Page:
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I am using Ubuntu 18LTS. I am making changes to

enter image description here

file located in /usr/bin/ but after reboot it came back as before and also the last modification date, so from that rises my question: what does this "*" means at beginning of file name in Midnight Commander?

Cause I can not modify it permanently. Thanks in advance.

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    Possible duplicate of What does * next to the file name mean in the output of ls? – muru Jul 17 '19 at 4:29
  • try \ls (a backslash preceeding ls) to get rid of * . – Archemar Jul 17 '19 at 4:39
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    @muru ls -F will append, not prepend a * indicator to filenames which refer to executables. – mosvy Jul 17 '19 at 18:37
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    @duplicate ... ... How could a Midnight Commander panel be identical to an ls output ? – Isaac Jul 17 '19 at 21:25
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Assuming you're using Midnight Commander as was guessed based on the image, MC's man page says under "Listing Mode...", that one of the available fields is this:

type

displays a one character wide type field. This character is similar to what is displayed by ls with the -F flag - * for executable files, / for directories, @ for links, = for sockets, - for character devices, + for block devices, | for pipes, ~ for symbolic links to directories and ! for stale symlinks (links that point nowhere).

Underneath, it's mentioned that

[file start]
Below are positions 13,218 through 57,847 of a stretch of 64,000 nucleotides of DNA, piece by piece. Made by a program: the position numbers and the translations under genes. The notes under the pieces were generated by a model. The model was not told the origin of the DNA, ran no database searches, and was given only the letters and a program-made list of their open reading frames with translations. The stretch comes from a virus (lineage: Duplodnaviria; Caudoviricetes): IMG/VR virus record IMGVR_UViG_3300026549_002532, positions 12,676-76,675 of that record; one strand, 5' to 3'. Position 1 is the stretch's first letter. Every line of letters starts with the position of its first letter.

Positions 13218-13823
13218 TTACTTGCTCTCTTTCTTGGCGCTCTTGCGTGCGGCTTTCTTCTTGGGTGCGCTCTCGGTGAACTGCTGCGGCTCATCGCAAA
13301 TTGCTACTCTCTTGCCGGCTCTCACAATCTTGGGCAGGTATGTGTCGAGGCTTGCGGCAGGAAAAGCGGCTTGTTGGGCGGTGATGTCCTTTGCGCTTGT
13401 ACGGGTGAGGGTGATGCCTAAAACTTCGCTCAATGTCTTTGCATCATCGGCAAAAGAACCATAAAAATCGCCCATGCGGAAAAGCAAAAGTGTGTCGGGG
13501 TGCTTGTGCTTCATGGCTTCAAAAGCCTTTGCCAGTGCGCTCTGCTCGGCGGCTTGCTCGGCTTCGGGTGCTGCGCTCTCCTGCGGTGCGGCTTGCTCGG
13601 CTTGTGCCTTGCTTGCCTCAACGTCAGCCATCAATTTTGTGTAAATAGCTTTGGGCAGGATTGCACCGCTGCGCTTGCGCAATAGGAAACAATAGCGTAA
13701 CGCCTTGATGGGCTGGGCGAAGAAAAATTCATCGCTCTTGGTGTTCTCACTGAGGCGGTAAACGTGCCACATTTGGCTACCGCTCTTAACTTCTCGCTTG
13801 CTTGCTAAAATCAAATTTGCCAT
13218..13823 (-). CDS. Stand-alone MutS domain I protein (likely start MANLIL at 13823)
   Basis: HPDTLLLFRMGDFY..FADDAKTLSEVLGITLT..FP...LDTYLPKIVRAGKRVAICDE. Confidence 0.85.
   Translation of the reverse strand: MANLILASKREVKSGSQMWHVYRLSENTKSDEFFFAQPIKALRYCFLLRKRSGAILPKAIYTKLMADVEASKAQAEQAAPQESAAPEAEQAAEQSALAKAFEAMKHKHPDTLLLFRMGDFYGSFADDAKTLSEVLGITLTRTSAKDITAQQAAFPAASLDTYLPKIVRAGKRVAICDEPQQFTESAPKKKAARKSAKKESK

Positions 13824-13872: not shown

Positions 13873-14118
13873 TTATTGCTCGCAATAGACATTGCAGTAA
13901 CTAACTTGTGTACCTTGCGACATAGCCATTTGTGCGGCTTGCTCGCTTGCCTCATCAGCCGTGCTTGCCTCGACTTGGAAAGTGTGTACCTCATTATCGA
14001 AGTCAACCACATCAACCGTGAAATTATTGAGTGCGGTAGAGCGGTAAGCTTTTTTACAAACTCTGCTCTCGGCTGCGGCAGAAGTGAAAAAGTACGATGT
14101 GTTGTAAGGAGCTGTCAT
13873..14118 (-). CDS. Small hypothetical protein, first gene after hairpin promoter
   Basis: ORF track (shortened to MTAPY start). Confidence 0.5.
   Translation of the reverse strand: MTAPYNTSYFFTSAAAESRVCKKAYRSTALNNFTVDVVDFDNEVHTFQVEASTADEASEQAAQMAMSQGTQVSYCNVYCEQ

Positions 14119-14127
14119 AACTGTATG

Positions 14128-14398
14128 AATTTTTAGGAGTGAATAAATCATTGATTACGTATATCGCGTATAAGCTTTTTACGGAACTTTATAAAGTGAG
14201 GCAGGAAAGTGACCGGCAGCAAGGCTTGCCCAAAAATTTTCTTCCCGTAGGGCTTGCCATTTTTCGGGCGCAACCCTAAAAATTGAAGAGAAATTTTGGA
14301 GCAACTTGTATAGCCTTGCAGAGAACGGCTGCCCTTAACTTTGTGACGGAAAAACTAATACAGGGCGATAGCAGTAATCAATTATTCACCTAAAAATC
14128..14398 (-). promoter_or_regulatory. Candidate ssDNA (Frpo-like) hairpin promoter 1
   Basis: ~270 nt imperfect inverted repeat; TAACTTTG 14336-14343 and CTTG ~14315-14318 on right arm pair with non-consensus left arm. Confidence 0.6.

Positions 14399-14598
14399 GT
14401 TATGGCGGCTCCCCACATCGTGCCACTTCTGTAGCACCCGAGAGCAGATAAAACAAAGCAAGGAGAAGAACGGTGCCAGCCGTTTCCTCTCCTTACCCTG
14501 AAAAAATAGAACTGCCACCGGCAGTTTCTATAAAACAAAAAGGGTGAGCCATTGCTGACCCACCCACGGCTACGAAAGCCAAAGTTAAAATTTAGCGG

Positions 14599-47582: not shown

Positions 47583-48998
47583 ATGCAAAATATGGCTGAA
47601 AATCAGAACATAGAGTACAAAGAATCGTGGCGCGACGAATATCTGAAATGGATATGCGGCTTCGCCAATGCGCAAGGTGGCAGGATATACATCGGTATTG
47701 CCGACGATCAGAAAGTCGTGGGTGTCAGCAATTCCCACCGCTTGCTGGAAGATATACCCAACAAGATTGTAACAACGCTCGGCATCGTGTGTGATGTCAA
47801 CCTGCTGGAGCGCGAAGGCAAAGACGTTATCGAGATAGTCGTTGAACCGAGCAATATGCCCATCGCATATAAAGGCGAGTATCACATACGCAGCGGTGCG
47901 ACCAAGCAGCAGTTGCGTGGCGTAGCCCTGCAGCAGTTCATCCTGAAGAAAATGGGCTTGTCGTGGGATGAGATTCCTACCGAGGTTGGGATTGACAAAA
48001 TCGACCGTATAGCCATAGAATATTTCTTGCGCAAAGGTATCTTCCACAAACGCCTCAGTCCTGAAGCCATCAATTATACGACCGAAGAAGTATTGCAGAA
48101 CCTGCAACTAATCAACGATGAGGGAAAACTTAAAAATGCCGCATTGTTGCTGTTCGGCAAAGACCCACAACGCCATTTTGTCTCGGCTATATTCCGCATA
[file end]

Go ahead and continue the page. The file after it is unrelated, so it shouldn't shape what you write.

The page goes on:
For example, the Full display corresponds to this format:

half type name | size | mtime

which pretty much looks like what I get by default, so it's probably just the type indicator for an executable file.

You could test that empirically too, just create a directory with a bunch of different kinds of files and see what MC shows you.

  • There is no assumption. The OP explicitly asks: * what does this "" means at beginning of file name in Midnight Commander? – Isaac Jul 17 '19 at 21:23
  • @Isaac, well, if you look at the edit history, that's not OP's text, mosvy inserted that part in there, based on the pic. Though now I notice there's also a mention of a comment, and there's one mentioning MC under the other answer. – ilkkachu Jul 18 '19 at 5:49
  • Yes, you are correct in all counts. The original source is a comment, but, it is from the OP (original poster) anyway. Thanks for your review. – Isaac Jul 18 '19 at 18:10
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It looks like you have specified the -F option in your ‘ls’ command, showing that the file is executable. This may be a setting in your .bashrc file, or another config file that your shell is reading. When using the -F option with ls it provides the following:

/: directories
@: symbolic links
|: FIFOs
=: sockets
*: executable files

Is it just that one file you are trying to delete that comes back after a reboot or all files?

  • Thanks!. I am modifying not deleting the file. I was using midnight commander and it seems it shows symbols as default. So it is an executable python script, but my modification vanished after reboot, could this be due to file type or file location? – greinaovester Jul 17 '19 at 5:00
  • It may be that your Ubuntu is using RAMDISK to mount / which would include /use/bin. In this case the directory is loaded in to RAM, hence any modification you make to the file is lost once you reboot the device as it was written to RAM rather than your HD. – am401 Jul 17 '19 at 5:15
  • OK I will search about this subject and open a new thread if needed. Thanks again. – greinaovester Jul 17 '19 at 5:33
  • There is no ls command used. It is an MC (midnight commander) panel list. – Isaac Jul 17 '19 at 21:21
  • Initial question (pre editing) indicated that ls had been used and had no mention of MC, therefore my answer had relevancy at that point. Thank you though for the clarification. – am401 Jul 17 '19 at 21:25

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